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  • ivanildotrindade 8:37 pm on February 1, 2013 Permalink | Reply
    Tags: brazilian dictatorship, curriel, ephraim, fear of police, french email, french hashtag, french language police, french war of words, french words, french words in english, gilead, hashtag goodbye, hashtag war, hutu, language, language protectionism, language purist, linguistics, military dictatorship, mot-dièse, police, protectionism, rwanda. rwanda genocide, shiboleth, siboleth, tutsi   

    French Alert: Kiss Hashtag Good-bye 

    Among Western nations, France must be one of the few that has an active “Language Police,” although they have a fancier name for it: The Commission Générale de Terminologie et de Néologisme, “The General Committee for Terminology and New Words,” which seems like a bureaucratic heaven for people who might not be big fans of new things.

    Be that as it may, in 2011 this illustrious group banned the use of “Faceboook” and “Twitter” in any news coverage, unless the word was germane to the story. In 2003 they also decreed that “e-mail” was a threat to the pristine French language, so they substituted it with “courriel,” which actually sounds cooler to me.

    The latest victim to fall under the sharp knife of the “Language Police” is the beloved “hashtag” of Twitter fame. From now on, in all official French documents, that ignominious word is to be referred to as “mot-dièse,” a Gallic substitute literally meaning “sharp word.” The French, being the masters of self-ridicule type of humor, obviously reacted (on Twitter, of course). Here is a sample:

    Je teste un nouveauté de la langue française : le . Je préférais  

    “I tested a novelty of the French language: the #motdièse. I prefer #hashtag #riplittleword.” Very funny…

    One other user  said, “We will not say Facebook anymore but ‘Livre des facies.’”

    Having grown up under a heavy military dictatorship for 20 years in Brazil, I am naturally suspicious of Police anywhere. I know, it is a conditioned response. I understand they play a crucial role and I have some good friends who are in Law enforcement, but to this day whenever I see an uniformed policeman anywhere my first impulse is “RUN!”

    Now you can imagine how I must feel about the thought of a “Language Police.” It is not only irritating, it can be downright dangerous. In a crisis moment, having a language apparatus that is incapable of producing a certain type of sound, or carrying a dialect that betrays your origin, can land one in deep trouble (Peter on the night he betrayed Jesus) or even determine whether you will live or die (the Ephraimites in Judges 12, who looked exactly like the Gileadites and yet could not say “shiboleth,” instead they kept saying “siboleth,” and thus 42 thousand of them perished on that day — the first case in recorded history of death by language malfunction).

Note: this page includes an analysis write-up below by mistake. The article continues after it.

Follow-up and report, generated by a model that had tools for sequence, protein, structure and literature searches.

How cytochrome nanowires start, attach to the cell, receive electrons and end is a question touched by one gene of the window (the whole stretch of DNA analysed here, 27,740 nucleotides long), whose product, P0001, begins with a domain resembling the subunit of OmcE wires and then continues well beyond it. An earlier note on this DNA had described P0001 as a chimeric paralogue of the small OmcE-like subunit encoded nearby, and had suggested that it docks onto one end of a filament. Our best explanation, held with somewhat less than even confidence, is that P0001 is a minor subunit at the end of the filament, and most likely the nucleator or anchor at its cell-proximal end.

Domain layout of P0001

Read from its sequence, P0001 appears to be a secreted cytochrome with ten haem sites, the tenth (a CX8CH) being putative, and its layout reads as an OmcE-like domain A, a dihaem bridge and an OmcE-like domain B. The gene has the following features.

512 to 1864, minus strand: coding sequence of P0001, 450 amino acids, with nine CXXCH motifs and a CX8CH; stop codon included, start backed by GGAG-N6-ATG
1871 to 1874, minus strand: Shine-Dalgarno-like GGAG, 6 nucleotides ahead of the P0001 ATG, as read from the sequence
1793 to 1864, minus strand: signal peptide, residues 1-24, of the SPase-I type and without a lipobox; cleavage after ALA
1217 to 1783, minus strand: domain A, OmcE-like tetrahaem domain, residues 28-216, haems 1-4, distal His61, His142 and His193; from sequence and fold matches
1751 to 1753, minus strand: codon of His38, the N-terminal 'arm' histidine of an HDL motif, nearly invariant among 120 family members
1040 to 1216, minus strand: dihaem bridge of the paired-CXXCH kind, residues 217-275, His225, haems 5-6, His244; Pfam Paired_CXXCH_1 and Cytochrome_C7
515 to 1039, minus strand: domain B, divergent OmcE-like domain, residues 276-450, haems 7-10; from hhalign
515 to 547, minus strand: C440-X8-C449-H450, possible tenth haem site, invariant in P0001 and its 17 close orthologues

The modern-day equivalent of a “shiboleth” type of war was what happened in 1990’s Rwanda. I have friends who are Tutsi and friends who are Hutu. They all tell me that you can’t tell by looking whether one is a Hutu or a Tutsi, yet in a matter of 100 days 800 thousand people (or more) were massacred, mostly Tutsi and moderate Hutu who favored the peace accord. Now I am not saying that language particularity was the only issue there, but it must have played a part.

    Make no mistake about it: in the case of the Ephraimites and the Rwanda genocide, the people drawing the war strategies were not the war generals, they were the language and cultural purists — those who could tolerate no deviation from “the norm.” That is one of the dangers of a department dedicated to protect a national language. It is not the good intention of preserving one’s own, it is the ever-present potential misuse and manipulation of information that scares me.

    French, by the way, ironically, has given a wealth of contribution to many of the languages of the world, including English (and my soul language, Portuguese). If the same rule they are now applying to their own language, would somehow be applied to English, for example, we would (at least I would) all of a sudden realize how much we love the French!

    Here is just a small sample I just quickly recalled from memory:

    “Cordon bleu” would now have to be “blue ribbon.” Would it taste the same?